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New Meralco boss bats for more power plants, ‘RE’ initiatives, smaller carbon footprint

Electrification for far-flung communities, industries, a pipe dream no more

Early this year, Manila Electric Co. (Meralco)  switched on its first micro-grid project in Isla Verde, Batangas,  a magnet to foreign visitors and a haven for divers.

Residents of the island have been subsisting on diesel generator sets from six to ten p.m. for electricity for years.

Meralco joined forces with the Batangas City local government unit (LGU) and the United States Agency for International Development (USAID) for the company’s first solar microgrid, a small-scale power grid that can be operated independently from the country’s interconnected network of power transmission facilities.

New Meralco boss bats for more power plants, ‘RE’ initiatives, smaller carbon footprint
‘Greenie’ fish in corporate waters. Meralco CEO Atty. Ray Espinosa
The project supports the distribution utility’s (DU’s) initiatives towards using more sustainable energy sources and highlights efforts on rural electrification, a point of focus by President Rodrigo S. Duterte, who said that he wanted to put a stop to hurdles in the electrification of rural areas.

Preventing climate change

Meralco is expected to do more of these projects with the assumption recently of  Atty. Ray C. Espinosa of the post of president and CEO of Meralco.

 “We are conscious of our corporate citizen duty to reduce carbon footprints,” Espinosa said in his first briefing with the press. “We are very mindful of the impact that we have on the environment, how we can contribute to initiatives that will prevent climate change from happening sooner rather than later.”

Meralco’s power generation arm, Meralco PowerGen (MGen), is adding renewable energy (RE) into its portfolio by securing sites for both wind and solar, and looking to make the sites operational by year end, and hopefully generate bigger capacities next year.

“As we celebrate World Environment Day,  we are developing 1,000 MW of RE projects in the next five years to seven years, joining the inexorable shift to renewable energy and the adoption of sustainable practices in everything we do,” Espinosa revealed.

At the same time, he said Meralco would continue to utilize coal for as long as there is no state policy prohibiting it because it has the obligation to secure sources of supply that has the least cost.

New Meralco boss bats for more power plants, ‘RE’ initiatives, smaller carbon footprint
How green is my island. Isla Verde folks in Batangas bid adieu to generators, with their own solar microgrid.
“We should not demonize Meralco because of the way supply is sourced. To begin with the government has not come up with any law or regulation that prohibits absolutely the use of coal,” he said.

 Espinosa acknowledged that the company  continues to face regulatory challenges. Many of its power supply applications have been stuck with the Energy Regulatory Commission (ERC).

“We want to see a more vibrant and active regulator,” he said.

But Meralco, he vowed, would heed the decision of the Supreme Court, which ruled that all power supply agreements submitted by the DUs with the ERC must undergo a competitive selection process.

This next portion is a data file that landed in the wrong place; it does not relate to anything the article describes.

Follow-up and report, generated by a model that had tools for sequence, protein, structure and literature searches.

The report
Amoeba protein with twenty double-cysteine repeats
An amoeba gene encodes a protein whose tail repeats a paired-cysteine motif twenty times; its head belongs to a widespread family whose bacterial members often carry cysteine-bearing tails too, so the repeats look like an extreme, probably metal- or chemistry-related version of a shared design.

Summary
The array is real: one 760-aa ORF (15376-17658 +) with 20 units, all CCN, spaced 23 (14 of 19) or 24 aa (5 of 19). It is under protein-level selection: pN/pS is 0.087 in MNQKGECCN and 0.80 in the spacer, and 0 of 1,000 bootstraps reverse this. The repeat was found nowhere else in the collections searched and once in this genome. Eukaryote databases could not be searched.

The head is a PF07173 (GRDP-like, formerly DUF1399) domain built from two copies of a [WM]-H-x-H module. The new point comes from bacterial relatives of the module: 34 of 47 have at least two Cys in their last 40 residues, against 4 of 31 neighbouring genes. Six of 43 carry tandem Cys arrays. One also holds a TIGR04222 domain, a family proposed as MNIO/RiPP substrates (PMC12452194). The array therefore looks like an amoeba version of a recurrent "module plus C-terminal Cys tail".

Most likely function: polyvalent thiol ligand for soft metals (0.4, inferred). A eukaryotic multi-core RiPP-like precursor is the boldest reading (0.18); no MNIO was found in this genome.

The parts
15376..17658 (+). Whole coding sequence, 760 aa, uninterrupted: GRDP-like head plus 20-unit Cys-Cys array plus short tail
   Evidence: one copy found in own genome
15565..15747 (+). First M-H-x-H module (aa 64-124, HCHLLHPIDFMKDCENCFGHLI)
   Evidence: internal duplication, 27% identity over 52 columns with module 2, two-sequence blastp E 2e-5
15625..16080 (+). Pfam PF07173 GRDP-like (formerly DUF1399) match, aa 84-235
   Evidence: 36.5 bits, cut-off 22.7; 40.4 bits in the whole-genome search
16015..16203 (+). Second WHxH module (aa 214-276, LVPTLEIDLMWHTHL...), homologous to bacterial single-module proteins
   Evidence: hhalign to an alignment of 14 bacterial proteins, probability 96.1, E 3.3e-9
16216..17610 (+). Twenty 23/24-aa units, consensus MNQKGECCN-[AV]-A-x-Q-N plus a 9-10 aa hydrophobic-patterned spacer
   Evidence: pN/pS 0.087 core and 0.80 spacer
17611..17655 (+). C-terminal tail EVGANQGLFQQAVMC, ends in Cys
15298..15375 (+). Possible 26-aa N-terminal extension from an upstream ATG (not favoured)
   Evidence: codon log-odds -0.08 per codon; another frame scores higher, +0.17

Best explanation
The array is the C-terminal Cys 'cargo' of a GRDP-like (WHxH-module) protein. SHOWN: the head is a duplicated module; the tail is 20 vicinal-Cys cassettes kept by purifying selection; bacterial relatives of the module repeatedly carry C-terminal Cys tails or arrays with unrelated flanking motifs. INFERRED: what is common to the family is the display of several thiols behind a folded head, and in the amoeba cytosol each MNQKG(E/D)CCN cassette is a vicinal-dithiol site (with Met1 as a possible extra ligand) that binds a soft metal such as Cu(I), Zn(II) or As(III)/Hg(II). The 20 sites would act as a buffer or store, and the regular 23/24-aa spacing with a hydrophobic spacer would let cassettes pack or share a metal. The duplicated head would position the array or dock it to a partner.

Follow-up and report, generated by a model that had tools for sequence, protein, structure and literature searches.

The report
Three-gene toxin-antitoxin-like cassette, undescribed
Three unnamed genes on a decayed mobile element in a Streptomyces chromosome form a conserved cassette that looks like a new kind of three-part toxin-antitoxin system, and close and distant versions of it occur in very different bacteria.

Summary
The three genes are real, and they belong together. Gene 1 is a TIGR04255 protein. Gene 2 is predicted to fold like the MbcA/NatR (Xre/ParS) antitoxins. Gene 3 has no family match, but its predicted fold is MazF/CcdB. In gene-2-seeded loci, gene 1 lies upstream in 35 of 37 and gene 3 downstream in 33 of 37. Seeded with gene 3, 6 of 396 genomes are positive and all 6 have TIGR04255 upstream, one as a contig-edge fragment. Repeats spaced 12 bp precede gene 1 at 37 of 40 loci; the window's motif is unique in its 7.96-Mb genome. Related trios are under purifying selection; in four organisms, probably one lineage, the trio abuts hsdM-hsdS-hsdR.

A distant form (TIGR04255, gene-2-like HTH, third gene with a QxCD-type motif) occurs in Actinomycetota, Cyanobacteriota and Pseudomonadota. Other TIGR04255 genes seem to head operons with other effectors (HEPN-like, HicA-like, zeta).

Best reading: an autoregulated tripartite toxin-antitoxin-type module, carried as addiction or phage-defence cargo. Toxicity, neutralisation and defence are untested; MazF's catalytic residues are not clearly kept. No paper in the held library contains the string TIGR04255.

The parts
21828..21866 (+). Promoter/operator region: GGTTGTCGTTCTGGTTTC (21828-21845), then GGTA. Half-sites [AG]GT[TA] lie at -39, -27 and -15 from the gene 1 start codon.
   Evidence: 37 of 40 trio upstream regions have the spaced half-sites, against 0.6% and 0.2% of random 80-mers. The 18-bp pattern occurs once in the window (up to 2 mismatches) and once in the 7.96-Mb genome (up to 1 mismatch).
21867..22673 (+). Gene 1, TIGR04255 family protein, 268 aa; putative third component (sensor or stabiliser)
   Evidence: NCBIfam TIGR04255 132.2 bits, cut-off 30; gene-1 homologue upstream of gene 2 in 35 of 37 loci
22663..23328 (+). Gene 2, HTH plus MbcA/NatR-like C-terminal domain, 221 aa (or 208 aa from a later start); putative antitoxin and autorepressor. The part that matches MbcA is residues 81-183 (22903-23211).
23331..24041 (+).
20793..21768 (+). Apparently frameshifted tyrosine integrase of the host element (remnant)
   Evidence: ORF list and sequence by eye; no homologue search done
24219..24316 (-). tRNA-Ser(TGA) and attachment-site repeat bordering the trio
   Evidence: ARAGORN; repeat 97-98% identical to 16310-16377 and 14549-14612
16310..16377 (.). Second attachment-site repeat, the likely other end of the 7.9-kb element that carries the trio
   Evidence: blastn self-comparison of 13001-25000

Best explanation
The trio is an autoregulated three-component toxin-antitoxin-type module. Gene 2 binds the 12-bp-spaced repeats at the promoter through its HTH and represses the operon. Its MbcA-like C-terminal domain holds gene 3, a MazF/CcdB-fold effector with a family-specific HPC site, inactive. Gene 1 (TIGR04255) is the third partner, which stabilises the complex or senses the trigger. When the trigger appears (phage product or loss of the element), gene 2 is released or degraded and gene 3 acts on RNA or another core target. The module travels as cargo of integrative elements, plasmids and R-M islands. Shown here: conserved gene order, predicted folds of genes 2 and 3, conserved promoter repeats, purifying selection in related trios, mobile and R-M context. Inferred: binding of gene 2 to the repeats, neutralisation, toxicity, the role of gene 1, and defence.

“Build, Build Build” needs power

Aside from the fisherfolk and tourist-oriented community in Isla Verde, which is now powered by a 32-kW solar microgrid, plus a 192-kWh battery storage, Meralco’s subsidiaries, Spectrum and eSakay, are also working towards a greener business thrust, the former offering solar panel installations for both home and business, while the latter  operates a fleet of e-jeepneys that have zero emissions in Makati and Mandaluyong. It also provides shuttle services in its compound in Ortigas, the ADMU compound in Katipunan, Quezon City; and La Salle in Canlubang.

But as attractive as RE seems, Espinosa opined that these sources of power really “cannot stand on their own for now”, due to a number of reasons. “For one, RE is intermittent,” he said. “The sun doesn’t shine all the time, and neither does the wind continue to blow perpetually.”

Espinosa explained that  going green does not necessarily utilize only RE. “There are newer and state-of-the-art supercritical and ultra-supercritical technologies now that make even coal-based plants more efficient and provide low carbon emissions,” he said.

An example is MGen’s new supercritical coal-fired power plant in Mauban, Quezon, which is stated to go online this year, providing 500-MW of additional power to the Luzon Grid. 

San Buenaventura Power Ltd. Co., MGen’s joint-venture with New Growth BV, a wholly-owned subsidiary of Thailand’s Energy Generating Public Co. Limited (EGCO), will operate this first supercritical coal plant in the Philippines. 

President Duterte, in his first SoNA in 2015 acknowledged that with the advent of advanced technologies for coal-fired power generation, production of reliable,  cost-competitive and highly efficient supply with minimal impact to the environment is now highly achievable.

Espinosa agrees. “With significant advances in technology, I believe we can both have renewables and ultra-supercritical coal-fired power plants to provide the country’s much needed power supply to push the President’s industrialization goals,” he said. 

“Hopefully we can all put our pitchforks down and start to work together,” Espinosa said. “The country needs both traditional and renewable sources, to provide power, without sacrificing our environment, for this generation, and the future generations to come.”

Topics: Manila Electric Co. , Meralco , Isla Verde , Batangas , solar microgrid
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